Midweek Mental Greening
(Yes, it’s Thursday.)
“Since the days of Freud, research into the mind-body relationship has come a long way. Studies show that not only are your mental health and mood dependent in large part on physical factors like exercise, but also unchecked stress, anxiety and depression can affect physical health, increasing blood pressure, heart disease and even risk of death. So it was perhaps inevitable that patients would start bringing their yoga mats into therapy.”
I’d planned on writing about something completely different today, but when I ran into this Time article on psychotherapy and yoga, I couldn’t resist rearranging the schedule – especially as we just talked about yoga last week.
According to the article, yoga-therapy – which “is to allow yoga to empower people while priming them to access their deepest emotions” – is gaining popularity among professionals in both the mental health and yoga fields. There are nearly 50 schools of yoga here in America, and the International Association of Yoga Therapists (IAYT) has tripled its membership since 2003.
One of the ideas behind yoga therapy is that while yoga brings about many emotions, actual yoga classes aren’t really set up to allow people to effectively deal with them.
“Emotional memories are stored in your body,” Visceglia says. “A group yoga class, is not structured to enable you to process that. Ideally one would want to work with someone who is paying attention to both the physical and emotional experiences.”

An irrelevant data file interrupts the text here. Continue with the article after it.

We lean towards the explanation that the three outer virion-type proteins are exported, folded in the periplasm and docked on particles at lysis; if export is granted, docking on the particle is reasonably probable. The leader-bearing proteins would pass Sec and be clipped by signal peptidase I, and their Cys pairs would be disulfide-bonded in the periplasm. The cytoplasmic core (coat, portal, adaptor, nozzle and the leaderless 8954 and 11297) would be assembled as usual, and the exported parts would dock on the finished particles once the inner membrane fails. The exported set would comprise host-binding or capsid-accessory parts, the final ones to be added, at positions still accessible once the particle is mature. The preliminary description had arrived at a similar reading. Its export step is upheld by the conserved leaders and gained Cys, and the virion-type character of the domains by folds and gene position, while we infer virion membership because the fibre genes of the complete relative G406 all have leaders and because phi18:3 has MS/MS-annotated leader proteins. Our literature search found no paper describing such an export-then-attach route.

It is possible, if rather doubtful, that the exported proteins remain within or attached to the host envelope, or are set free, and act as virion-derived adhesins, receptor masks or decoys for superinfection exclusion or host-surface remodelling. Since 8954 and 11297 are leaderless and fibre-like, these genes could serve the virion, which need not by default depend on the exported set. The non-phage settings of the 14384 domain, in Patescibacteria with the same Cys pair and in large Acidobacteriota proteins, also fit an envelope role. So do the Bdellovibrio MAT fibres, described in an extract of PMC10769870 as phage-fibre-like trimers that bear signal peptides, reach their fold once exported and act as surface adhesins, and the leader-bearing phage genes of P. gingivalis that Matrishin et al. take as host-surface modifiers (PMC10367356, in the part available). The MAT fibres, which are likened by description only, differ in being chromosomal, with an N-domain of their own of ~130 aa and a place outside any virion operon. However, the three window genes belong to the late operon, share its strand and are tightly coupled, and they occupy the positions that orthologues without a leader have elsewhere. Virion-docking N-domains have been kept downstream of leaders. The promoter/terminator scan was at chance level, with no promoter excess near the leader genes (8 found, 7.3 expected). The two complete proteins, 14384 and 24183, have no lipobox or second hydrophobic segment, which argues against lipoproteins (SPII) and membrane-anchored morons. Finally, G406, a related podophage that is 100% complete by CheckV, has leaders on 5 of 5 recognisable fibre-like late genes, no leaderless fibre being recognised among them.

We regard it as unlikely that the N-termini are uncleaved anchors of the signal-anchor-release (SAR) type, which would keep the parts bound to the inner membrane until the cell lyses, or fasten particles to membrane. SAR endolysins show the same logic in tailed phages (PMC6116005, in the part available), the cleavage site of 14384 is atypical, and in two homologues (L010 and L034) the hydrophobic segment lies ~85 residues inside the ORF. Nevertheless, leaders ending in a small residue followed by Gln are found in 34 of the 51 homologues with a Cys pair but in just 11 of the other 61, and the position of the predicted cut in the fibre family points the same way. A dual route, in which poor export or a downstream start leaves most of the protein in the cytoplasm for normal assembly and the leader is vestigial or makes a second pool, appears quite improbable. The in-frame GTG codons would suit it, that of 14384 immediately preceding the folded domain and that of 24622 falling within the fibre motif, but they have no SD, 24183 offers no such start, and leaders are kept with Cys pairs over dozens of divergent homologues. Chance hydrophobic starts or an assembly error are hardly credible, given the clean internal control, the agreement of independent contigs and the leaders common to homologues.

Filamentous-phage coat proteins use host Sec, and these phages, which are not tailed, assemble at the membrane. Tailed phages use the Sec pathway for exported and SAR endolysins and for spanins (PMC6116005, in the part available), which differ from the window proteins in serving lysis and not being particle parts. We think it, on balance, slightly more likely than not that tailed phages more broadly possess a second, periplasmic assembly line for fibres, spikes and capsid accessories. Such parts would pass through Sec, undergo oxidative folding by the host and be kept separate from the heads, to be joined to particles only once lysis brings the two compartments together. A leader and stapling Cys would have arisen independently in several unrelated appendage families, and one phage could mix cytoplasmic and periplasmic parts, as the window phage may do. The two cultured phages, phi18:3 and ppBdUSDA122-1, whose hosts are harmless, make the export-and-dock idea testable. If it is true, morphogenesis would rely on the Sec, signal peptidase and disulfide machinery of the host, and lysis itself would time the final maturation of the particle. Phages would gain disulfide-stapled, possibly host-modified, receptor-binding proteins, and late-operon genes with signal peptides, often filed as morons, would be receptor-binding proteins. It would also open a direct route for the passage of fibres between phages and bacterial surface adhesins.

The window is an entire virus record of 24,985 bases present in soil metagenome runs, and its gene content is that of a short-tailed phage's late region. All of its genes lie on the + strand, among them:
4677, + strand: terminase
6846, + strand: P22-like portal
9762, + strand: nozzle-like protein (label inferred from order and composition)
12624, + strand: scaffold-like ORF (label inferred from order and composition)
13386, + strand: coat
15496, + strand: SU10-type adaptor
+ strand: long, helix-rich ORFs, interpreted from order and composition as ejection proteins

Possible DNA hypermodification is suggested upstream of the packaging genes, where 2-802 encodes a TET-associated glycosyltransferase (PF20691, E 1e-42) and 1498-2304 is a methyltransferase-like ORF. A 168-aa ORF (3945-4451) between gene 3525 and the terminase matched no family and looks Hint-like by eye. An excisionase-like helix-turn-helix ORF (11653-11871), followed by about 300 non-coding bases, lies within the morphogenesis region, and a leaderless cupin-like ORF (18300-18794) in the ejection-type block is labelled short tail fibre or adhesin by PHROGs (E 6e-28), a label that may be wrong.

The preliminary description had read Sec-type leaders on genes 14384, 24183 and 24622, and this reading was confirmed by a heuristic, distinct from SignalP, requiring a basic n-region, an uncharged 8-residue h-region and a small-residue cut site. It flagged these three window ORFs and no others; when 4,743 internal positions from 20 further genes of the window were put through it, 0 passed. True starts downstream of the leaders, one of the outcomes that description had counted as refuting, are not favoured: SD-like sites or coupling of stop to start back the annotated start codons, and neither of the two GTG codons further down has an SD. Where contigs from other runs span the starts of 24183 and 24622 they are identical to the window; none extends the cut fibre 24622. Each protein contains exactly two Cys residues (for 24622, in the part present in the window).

So, some therapists and yoga specialists are working to make each of their respective environments more conducive to both the mental and physical benefits of yoga.
Naturally, yoga therapy is raising some eyebrows, mostly because people want to make sure therapists are actually trained to “teach” yoga. Understandable. Of course, I’d also like to think yoga teachers who subscribe to yoga therapy are also getting some training in helping people “access their deepest emotions.” Seems like a two-way street, to me.
The Time article mentions the Phoenix Rising Center in West Stockbridge, Mass., and there are numerous other similar centers throughout the nation, including the Phoenix Rising Center in Bristol, Vt.; Mukunda’s Yoga Therapy Center in Holyoke, Mass.; and The Center for Yoga Therapeutics in Scottsdale, Ariz.
And, if you’re not near any of those places, the IAYT website offers a search tool to find yoga practitioners, teachers, therapists, and health professionals who utilize yoga in your area.
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Last reviewed: By John M. Grohol, Psy.D. on 16 Apr 2009
Published on PsychCentral.com. All rights reserved.
Sparks, A. (2009). Yoga Therapy On The Rise. Psych Central. Retrieved on October 21, 2014, from http://psychcentral.com/blog/archives/2009/04/16/yoga-therapy-on-the-rise/